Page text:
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Lab-Aids EdReports Review

Issues and Science has earned the second-highest overall scores for middle school science curriculum. EdReports found Issues and Science to fully meet expectations for three-dimensional learning and assessment, to present phenomena and problems as directly as possible, and to use the assessment system to show evidence of increasing student sophistication in the content from grade six to grade eight. Additionally, EdReports’ analysis affirmed that Issues and Science fully meets all grade-band DCIs, and presents content, SEPs, and CCCs in a way that is appropriate and scientifically accurate.

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What Differentiates Us

Issues in Science is a hands-on, middle school science curriculum that prioritizes hands on instruction over screen time. It is developed for the NGSS by SEPUP at the Lawrence Hall of Science, and is published by Lab-Aids. Instructional design and unique equipment bring out student ideas and learning through personal, concrete experiences while issue-oriented science helps students see how science is connected to their lives and communities. We believe there is no suitable replacement for hands-on investigation so we’ve created a program that’s organized and manageable for teachers, and engaging and meaningful for students.

How Lab-Aids Compares on Select Indicators

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Three-Dimensional

EdReports states that the SEPUP/Lab-Aids middle school curriculum is “designed to integrate three dimensions into student learning opportunities,”  “consistently supports meaningful student sensemaking with the three dimensions in nearly all learning sequences,” and is “designed to elicit direct, observable evidence for three-dimensional learning by providing three-dimensional learning objectives at the activity level and building towards the performance expectations of the larger unit.” (Criterion 1a-c)

Three-dimensional assessment

Activities incorporate sequences of formative assessment that build toward three-dimensions and are structured and supported to assist teachers in the instructional process. (Criterion 1c) 

Engineering as Stand Alone Content

All but one of the 17 units were found to connect phenomena and problems to grade-band DCIs. The one exception, Biomedical Engineering, almost exclusively focuses on Engineering, Technology, and Applications of Science (ETS) DCI, which is not considered stand-alone content by EdReports’ review tool. (Criterion 1d)

Complete and Accurate

Issues and Science fully meets all grade-band DCIs, incorporates NGSS Connections to Nature of Science and Engineering, and presents content, SEPs, and CCCs in a way that is appropriate and scientifically accurate. (Criterion 2b-g)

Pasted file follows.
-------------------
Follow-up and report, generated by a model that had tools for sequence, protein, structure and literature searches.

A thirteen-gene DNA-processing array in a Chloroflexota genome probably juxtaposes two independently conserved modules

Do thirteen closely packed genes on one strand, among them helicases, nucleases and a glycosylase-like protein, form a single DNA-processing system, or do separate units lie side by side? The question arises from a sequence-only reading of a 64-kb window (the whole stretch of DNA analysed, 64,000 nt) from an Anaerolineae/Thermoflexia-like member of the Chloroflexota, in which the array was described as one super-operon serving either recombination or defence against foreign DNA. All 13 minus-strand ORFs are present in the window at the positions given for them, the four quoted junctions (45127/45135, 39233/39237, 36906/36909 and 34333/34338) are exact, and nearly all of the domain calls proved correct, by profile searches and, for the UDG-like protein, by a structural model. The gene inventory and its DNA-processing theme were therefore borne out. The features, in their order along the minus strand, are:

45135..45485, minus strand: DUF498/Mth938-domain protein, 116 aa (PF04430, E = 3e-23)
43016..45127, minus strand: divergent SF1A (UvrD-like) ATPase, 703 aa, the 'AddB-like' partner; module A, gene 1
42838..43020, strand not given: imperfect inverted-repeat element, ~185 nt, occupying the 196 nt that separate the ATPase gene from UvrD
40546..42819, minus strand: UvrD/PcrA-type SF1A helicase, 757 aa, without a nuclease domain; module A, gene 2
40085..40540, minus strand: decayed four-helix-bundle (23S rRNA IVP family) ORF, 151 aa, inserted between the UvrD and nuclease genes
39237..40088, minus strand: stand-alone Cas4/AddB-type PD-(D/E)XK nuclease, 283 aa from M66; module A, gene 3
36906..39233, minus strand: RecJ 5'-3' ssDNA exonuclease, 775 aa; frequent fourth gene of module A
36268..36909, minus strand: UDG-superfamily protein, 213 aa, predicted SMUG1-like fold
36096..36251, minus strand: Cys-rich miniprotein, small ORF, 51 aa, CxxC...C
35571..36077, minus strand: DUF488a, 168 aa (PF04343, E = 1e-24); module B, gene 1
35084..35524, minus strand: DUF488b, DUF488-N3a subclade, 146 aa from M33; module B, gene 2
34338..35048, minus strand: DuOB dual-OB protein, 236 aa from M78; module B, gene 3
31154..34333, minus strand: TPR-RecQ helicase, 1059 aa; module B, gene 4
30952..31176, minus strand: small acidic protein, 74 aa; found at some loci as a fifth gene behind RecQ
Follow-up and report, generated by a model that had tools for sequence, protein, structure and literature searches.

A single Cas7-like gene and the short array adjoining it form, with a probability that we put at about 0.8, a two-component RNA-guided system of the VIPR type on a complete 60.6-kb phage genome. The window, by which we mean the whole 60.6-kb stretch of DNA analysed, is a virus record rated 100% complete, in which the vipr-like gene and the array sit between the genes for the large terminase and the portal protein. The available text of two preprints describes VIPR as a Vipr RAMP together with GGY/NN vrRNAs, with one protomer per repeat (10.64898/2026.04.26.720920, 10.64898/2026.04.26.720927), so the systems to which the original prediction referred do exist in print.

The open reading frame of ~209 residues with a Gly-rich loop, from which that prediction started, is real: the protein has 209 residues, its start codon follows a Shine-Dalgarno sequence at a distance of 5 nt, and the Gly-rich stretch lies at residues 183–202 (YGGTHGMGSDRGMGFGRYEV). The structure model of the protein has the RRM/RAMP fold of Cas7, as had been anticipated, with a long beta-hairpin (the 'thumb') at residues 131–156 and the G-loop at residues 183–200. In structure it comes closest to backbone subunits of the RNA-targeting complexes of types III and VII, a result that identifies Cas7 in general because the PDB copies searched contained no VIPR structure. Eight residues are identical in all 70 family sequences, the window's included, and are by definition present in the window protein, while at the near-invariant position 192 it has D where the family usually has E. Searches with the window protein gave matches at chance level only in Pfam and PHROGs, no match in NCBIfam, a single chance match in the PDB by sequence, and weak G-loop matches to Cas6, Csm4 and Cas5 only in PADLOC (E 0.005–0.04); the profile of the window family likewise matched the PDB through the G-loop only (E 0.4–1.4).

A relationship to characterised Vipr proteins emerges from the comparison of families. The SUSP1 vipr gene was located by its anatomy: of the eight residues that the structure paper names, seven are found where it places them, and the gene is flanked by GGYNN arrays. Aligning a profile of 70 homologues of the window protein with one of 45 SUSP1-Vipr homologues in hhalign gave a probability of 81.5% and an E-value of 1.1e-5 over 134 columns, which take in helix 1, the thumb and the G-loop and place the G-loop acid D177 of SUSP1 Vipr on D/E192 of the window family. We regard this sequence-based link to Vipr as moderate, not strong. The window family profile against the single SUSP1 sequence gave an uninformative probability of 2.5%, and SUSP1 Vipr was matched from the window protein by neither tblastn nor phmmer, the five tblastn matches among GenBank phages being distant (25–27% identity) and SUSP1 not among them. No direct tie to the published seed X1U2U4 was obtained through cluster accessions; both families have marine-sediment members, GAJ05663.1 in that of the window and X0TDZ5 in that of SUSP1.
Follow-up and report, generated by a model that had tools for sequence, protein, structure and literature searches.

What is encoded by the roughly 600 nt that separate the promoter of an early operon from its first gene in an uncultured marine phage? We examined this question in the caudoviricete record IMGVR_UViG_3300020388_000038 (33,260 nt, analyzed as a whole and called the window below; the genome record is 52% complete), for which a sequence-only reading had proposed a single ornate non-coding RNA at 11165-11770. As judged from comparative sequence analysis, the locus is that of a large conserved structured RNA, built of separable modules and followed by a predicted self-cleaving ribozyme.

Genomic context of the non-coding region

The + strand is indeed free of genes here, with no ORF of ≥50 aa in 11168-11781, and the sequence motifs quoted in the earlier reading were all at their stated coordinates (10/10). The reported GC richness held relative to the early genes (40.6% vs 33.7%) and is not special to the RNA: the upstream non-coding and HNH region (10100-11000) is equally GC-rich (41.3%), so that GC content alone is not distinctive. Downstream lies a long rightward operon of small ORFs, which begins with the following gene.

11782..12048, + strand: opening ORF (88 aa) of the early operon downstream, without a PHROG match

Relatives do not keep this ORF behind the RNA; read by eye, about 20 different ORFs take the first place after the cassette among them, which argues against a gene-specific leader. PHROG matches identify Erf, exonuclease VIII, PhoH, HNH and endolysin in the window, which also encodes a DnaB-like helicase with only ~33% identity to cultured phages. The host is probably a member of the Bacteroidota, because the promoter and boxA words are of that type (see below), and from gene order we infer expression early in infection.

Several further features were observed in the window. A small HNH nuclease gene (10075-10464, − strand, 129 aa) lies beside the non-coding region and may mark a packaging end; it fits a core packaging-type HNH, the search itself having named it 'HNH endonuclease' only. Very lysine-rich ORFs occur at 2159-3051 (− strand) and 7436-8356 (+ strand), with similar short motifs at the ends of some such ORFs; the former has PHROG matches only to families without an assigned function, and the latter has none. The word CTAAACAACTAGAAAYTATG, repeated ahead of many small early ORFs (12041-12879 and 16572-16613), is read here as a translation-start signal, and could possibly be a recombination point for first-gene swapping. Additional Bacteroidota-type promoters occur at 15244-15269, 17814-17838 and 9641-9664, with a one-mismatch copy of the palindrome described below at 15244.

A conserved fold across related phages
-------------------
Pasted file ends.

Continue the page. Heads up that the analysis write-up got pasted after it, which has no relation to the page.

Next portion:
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Problem-Based

The EdReports review found that Issues and Science “presents phenomena and problems to students as directly as possible.” Students encounter these mainly through hands-on experiences, discussion, teacher demonstration, maps, data, videos, or some combination thereof. Cited examples include improving the design of a chemical battery, investigating how individuals with a sickle cell mutation can be resistant to malaria, and creating a device that will roll a gyrosphere to a moon base and rescue a stranded astronaut.

Issues in Science

Each unit is set in the context of a socio-science issue that is carefully selected to be meaningful for all students and to connect science to the real-world events that affect them and their communities.

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Sensemaking

Through the Driving Questions Board, students are first introduced to the unit issue and are given explicit opportunities to explore connections between the issue, the anchoring phenomenon, and experiences in their daily lives. This sets the tone for the entire learning sequence where students’ prior knowledge is revisited and leveraged at meaningful instances that contribute to and develop student sensemaking.

Comparing Instructional Materials

EdReports identified 28 activities, in Issues in Science that are driven by a problem, and another 28 that are driven by a phenomena. While we disagree with EdReports and feel it is much higher, it’s worth comparing the same EdReports data across other instructional materials. Issues and Science has the highest number of identified problem-based lessons and, with two exceptions, the highest total of phenomena- or problem-driven lessons.